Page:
A shipment of seed sent by the Agricultural Research Service (ARS) earlier this month to the Svalbard Global Seed Vault in Norway included a wild Russian strawberry that an expeditionary team braved bears and volcanoes to collect.
The seed shipment – ARS’ third since January 2008 – included wild and cultivated soybeans, semi-dwarf wheat and rice  cultivars, and other samples maintained in the agency’s National Plant Germplasm System (NPGS). ARS’ goal, over the next 10 to 15 years, is have the majority of the system’s 511,000 collections stored in the vault, which is administered by Norway’s Nordic Genetic Resources Center together with the Global Crop Diversity Trust.
The vault itself is built into a mountainside on Spitsbergen Island, located midway between Norway’s northernmost coast and the North Pole. With this third U.S. shipment, the facility will house more than 500,000 plant accessions obtained from around the world. However, the total storage capacity is likely 10 times that amount, notes plant physiologist David Ellis with ARS’ National Center for Genetic Resources Preservation in Fort Collins, Colo. Ellis coordinates the shipments of seed obtained from multiple ARS locations.
Worldwide, there are about 1,400 operating genebanks. The Svalbard vault’s purpose isn’t to replace them, but rather to provide a secure remote backup location for the genetic diversity contained in the genebanks, should their collections be lost due to natural disaster or other reasons.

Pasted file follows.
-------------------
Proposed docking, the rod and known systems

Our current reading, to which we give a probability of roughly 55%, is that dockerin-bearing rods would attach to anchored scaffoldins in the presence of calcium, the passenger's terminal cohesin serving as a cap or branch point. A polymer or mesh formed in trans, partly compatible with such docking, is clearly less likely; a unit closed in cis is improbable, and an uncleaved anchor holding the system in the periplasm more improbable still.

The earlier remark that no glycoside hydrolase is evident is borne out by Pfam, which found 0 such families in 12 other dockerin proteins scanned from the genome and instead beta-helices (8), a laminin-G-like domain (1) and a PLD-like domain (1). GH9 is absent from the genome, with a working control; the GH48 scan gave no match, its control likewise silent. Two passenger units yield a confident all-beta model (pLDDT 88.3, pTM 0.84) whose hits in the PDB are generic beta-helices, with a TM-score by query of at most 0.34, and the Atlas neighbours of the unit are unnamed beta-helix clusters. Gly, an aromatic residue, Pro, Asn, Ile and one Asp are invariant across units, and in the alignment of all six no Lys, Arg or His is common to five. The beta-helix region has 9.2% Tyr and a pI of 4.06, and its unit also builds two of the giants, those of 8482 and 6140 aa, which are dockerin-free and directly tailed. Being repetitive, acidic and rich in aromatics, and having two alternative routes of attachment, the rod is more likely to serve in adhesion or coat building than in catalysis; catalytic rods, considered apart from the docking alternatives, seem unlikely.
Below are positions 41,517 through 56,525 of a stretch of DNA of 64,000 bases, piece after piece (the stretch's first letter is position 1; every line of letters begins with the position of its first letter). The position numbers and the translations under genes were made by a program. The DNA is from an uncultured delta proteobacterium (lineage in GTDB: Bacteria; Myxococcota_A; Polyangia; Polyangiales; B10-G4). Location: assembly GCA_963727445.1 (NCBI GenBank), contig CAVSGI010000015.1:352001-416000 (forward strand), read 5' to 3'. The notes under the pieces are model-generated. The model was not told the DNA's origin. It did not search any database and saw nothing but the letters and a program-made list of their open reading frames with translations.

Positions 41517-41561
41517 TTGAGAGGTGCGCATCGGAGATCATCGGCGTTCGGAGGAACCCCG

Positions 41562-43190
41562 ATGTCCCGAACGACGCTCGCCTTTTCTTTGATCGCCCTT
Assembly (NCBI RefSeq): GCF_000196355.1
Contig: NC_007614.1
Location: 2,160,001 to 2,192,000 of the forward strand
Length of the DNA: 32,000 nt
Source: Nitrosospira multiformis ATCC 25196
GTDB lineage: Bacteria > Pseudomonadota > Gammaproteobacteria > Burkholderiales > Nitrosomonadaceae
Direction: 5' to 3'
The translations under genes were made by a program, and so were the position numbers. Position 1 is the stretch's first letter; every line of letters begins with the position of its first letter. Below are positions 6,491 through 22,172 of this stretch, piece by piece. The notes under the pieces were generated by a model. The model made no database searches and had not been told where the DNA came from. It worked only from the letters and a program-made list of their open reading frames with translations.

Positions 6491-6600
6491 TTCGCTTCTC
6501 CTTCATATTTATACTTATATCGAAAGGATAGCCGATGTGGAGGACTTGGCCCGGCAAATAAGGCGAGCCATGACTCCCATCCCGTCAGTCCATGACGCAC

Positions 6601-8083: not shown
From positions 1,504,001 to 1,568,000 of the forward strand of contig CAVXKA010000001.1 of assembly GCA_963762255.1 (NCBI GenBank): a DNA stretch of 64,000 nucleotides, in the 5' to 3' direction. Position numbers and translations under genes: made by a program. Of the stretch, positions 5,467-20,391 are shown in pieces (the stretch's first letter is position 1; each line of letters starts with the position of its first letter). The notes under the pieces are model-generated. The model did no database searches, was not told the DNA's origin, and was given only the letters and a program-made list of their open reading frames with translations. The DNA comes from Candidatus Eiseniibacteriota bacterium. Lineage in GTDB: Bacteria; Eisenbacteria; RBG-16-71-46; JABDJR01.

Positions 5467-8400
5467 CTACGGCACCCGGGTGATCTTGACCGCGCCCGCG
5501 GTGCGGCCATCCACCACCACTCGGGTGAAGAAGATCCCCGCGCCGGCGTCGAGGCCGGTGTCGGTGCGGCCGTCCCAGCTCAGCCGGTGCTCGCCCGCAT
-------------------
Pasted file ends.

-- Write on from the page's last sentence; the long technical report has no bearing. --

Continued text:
The ship containing ARS’ contributions “set sail” the last week of February and arrived the first week of March, adding 10,522 samples of seed to the Svalbard collection. Strawberry specimens included Fragaria iturupensis, a wild relative originally collected in 2003 from the island of Iturup in Far Eastern Russia by scientists from the N.I. Vavilov Institute of Plant Industry. Led by senior scientist Andrey Sabitov, an ARS collaborator, the team hiked for three days in bear territory to obtain the seeds from the Atsunupuri Volcano’s lower flank.
Horticulturist Kim Hummer of the ARS National Clonal Germplasm Repository in Corvallis, Ore., received some of the seed, which may provide genes for new flavor components or pest resistance. This seed has now been sent to Svalbard for long-term preservation.